In an article posted on his website on Sunday, the two-time presidential candidate listed the woes inflicted by the Federal Reserve since its creation in 1913, including a 97 percent decline in the dollar’s purchasing power, recessions and depressions, and expanded government created by the Fed’s policy of monetizing debt.
“No wonder almost 75 percent of the American public supports legislation to audit the Federal Reserve,” Paul’s article stated.
The proposed legislation, known as the “Audit the Fed” bill, has long been blocked in the Senate by Democratic leader Harry Reid. But now, with the new Republican majority, Senate Majority Leader Mitch McConnell said the bill will earn a floor vote, the Washington Times reported.
If passed, the bill would allow the Government Accountability Office, an independent nonpartisan agency, to thoroughly review the Fed's monetary policy deliberations.
In his article, however, Paul pointed out that “despite overwhelming public support, passage of this legislation is by no means assured.”
The bill passed twice in the House, most recently in September, only to be shot down by Democratic leadership in the Senate.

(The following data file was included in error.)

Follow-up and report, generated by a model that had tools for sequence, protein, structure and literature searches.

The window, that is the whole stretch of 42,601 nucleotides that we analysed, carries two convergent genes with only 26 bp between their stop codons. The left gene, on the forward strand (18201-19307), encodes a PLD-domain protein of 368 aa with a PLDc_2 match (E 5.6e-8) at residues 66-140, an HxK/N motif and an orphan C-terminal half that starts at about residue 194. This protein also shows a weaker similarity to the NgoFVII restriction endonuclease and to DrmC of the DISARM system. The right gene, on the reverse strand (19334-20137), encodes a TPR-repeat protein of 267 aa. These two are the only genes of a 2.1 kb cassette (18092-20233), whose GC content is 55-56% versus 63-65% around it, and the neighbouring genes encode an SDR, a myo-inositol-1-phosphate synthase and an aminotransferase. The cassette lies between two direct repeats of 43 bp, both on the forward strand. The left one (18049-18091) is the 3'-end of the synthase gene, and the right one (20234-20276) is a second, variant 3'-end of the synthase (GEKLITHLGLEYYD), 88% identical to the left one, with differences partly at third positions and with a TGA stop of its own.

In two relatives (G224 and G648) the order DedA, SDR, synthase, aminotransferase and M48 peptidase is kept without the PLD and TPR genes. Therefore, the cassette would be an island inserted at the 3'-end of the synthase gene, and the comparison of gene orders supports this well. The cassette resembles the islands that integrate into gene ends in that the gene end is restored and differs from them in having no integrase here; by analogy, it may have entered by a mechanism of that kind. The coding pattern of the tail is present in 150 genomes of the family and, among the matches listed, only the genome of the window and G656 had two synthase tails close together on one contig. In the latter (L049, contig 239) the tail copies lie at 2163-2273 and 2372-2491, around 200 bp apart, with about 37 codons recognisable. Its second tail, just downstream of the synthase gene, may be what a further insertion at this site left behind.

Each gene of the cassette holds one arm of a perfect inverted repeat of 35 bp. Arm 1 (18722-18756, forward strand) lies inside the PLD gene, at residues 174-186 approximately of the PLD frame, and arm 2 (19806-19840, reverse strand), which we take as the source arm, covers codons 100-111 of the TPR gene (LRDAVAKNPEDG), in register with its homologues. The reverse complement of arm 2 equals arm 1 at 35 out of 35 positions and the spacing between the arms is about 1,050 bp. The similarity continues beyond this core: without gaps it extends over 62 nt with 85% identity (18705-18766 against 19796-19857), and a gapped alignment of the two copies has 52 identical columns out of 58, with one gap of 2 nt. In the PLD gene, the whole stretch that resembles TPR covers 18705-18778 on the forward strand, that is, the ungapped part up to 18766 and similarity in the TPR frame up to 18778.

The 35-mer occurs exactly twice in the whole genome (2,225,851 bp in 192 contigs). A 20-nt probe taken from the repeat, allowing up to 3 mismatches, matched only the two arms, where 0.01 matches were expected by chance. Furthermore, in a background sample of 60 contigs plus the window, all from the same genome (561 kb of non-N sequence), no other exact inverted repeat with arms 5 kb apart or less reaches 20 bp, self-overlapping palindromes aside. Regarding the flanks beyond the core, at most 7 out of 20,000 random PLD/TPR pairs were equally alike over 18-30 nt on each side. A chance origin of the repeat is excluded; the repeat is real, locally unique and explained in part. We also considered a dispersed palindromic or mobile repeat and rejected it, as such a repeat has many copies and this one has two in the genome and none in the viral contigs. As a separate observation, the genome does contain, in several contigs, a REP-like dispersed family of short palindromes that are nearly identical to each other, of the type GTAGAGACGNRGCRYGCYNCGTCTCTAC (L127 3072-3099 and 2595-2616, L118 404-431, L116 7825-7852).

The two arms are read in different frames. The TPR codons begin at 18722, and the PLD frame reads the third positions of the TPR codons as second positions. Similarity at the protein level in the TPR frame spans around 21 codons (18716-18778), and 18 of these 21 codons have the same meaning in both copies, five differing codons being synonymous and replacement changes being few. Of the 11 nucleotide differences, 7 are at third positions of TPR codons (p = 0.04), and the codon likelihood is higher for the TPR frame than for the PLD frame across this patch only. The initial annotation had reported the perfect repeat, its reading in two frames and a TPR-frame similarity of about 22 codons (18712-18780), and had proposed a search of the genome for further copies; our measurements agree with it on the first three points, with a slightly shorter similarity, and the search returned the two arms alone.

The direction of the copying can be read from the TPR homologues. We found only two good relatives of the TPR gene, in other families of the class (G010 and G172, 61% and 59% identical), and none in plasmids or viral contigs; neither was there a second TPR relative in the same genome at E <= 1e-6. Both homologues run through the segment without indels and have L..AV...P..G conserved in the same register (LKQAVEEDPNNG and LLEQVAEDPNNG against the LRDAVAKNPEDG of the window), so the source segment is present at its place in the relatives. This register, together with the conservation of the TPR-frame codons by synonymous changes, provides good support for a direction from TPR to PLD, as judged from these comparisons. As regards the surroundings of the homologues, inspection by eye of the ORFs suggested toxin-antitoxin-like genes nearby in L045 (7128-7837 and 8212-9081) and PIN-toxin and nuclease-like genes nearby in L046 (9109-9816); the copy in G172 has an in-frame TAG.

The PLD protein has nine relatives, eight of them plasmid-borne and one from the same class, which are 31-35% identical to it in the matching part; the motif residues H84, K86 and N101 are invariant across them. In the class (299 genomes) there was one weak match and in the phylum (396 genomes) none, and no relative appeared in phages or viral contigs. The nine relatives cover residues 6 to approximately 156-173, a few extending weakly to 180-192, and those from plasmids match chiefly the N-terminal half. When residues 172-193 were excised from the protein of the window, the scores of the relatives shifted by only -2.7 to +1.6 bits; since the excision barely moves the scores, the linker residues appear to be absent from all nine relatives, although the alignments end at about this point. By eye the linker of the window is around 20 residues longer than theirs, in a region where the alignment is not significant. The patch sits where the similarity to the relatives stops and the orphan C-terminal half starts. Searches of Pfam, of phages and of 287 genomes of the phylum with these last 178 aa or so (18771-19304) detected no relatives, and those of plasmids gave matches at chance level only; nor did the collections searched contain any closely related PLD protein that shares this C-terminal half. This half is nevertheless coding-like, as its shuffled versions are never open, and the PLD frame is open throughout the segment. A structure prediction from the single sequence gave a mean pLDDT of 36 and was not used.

The main obstacle to passing the bill is the 25 percent of people who oppose it who “represent some of the most powerful interests in American politics,” Paul stated. Those people are working to kill the bill or replace it with “meaningless compromise,” which would keep Americans in the dark about the Fed’s monetary policies, he continued.
In December, Federal Reserve Chairwoman Janet Yellen said that she will argue against any bill that attempts to audit the Fed’s decision making when it comes to monetary policy, The Hill reported.
"Back in 1978 Congress explicitly passed legislation to ensure that there would be no GAO audits of monetary policy decision-making, namely policy audits. I certainly hope that will continue, and I will try to forcefully make the case for why that's important," Yellen said.
Paul pointed to a 2011 partial audit that revealed the Federal Reserve had loaned $16 trillion to financial institutions, including more than $3 trillion to foreign banks, leading up to the financial crisis of 2008.
He also mentioned former Fed official Andrew Hudzar, who publicly apologized for his role in what Hudzar called “the greatest backdoor Wall Street bailout of all time.”
If, despite those shortcomings, the Fed really does operate in the interest of the American public, why is it fighting an official review, Paul asked.
“Why is the Fed acting like it has something to hide if it has nothing to fear from an audit?”
“The American people have suffered long enough under a monetary policy controlled by an unaccountable, secretive central bank. It is time to finally audit – and then end – the Fed.”